Reneging on the Promise
In other words, the couple by entering into sexual intercourse seem to be making a promise that is essentially implied in such an act; namely, to be open to the life-giving power of sexual loving. But the couple who use contraception belie their intention to keep that very promise. They are pursuing the unitive aspect of sexual intercourse, with its associated pleasure, while rejecting the procreative aspect. Presumably, in the analogy, the selfish parents are pursuing the movies (or other forms of entertainment) in place of the fulfillment of the promise made to their children to establish a savings account for college expenses; thereby reneging on the promise to their children.
The evil of contraception, therefore, seems to reside in the reneging of the promise that is inherent in the use of sexual relations by deliberately impairing or destroying one’s procreative power. This promise is understood through examination of the nature of the act, whose author is the Creator Himself. Such an offense against bodily integrity coupled with the intention to frustrate the procreative end is always sinful. Couples who use contraceptive drugs, devices, or substances, even if they have just cause for avoiding pregnancy, are like the couples (in the analogy) who spend money selfishly; instead of keeping their promise to save money for their children’s college expenses.
It is interesting to note that common sense (or common decency) seems to indicate that there is something impure or dishonest about contraception. Prayerful reflection might lead one to acknowledge that the use of contraceptives is a kind of “cheating,” or a practice that renders sexual relations empty and devoid of a higher meaning. This realization seems to point to a third party involved in the arena of sexual relations; namely the Creator Himself, to whom certain basic obligations are owed. The malice of contraceptive devices, drugs, or surgeries resides in the willful and unjust use of sexual relations with respect to God, one’s spouse, one’s posterity, and one’s ancestors by suppressing or destroying the fertility of one or both spouses (4).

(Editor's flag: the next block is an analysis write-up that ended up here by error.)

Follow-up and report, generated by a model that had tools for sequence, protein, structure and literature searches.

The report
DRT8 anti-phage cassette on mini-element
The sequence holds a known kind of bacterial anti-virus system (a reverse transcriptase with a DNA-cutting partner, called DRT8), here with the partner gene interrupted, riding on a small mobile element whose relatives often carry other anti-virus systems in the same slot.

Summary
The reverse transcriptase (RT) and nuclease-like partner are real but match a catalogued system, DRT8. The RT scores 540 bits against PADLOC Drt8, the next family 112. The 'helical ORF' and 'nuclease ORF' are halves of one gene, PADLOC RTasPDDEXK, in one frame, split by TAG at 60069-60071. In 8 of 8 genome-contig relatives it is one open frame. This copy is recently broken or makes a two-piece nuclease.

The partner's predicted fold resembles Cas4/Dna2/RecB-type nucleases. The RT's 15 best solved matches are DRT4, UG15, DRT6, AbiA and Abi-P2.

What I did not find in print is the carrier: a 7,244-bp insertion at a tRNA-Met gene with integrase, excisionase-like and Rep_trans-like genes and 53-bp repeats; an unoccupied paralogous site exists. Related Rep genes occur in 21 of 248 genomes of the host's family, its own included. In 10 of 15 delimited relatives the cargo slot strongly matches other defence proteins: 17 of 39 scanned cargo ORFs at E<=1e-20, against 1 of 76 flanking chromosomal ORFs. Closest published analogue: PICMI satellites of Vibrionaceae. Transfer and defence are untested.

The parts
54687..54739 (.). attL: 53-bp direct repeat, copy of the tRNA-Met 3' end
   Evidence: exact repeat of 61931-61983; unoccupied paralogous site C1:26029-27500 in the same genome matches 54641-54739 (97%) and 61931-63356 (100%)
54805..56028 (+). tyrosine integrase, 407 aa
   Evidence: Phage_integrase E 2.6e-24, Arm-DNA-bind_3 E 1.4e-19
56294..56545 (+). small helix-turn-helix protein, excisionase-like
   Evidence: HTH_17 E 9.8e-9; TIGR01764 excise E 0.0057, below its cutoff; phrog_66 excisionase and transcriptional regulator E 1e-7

Conversely, according to Smith, NFP couples, though also intent on not having children, do not renege on the commitment of openness to children since “they have not altered the essential potency of their acts.” Those who use periodic continence have not destroyed the procreative potential of either or both spouses, even though they have not achieved the fullness of the procreative meaning (5).
A Variation on this Analogy
Could the analogy be slightly adjusted? Perhaps marriage is more properly likened to the promise of the parents to save for their children’s college expenses, while the marital embrace is more likened to the parents actually sending their children to college; that is, a kind of consummation of the promise. In this new analogy, the couple who has sexual relations exclusively during the infertile times is rather like the couple who sends their children to college knowing full well that there is not enough money in the savings (6). While the contracepting couple does the same, but after having spent the money foolishly that could have been used for their children’s college expenses. Whereas, the couple who merely happen to be infertile at the time sexual relations occur is like the couple who send their children to college, but the children are denied admission for insufficient grades, or some other reason beyond the control of the parents.
A Positive Duty
Returning, though, to the original analogy we might ask: Does it logically follow that if the parents have not spent their money foolishly that they have thereby fulfilled their promise to save for their children’s college expenses? Or rather, does fulfilling their promise also necessarily include a positive effort to earn and save the necessary funds, over and above an effort to avoid selfish expenditures on frivolous activities?
Indeed, in order to fulfill that promise, parents may have to sacrifice one or two legitimate (that is, non-selfish) expenses in order to achieve their generous and lofty goal. Thus, if a couple spent all their time seeking free movies, though not spending money selfishly, they still could be faulted for not fulfilling their promise to their children. Spending the money selfishly would clearly be blameworthy. But it seems that failing to save adequately because of not positively taking the necessary steps to fulfill the promise could also be blameworthy.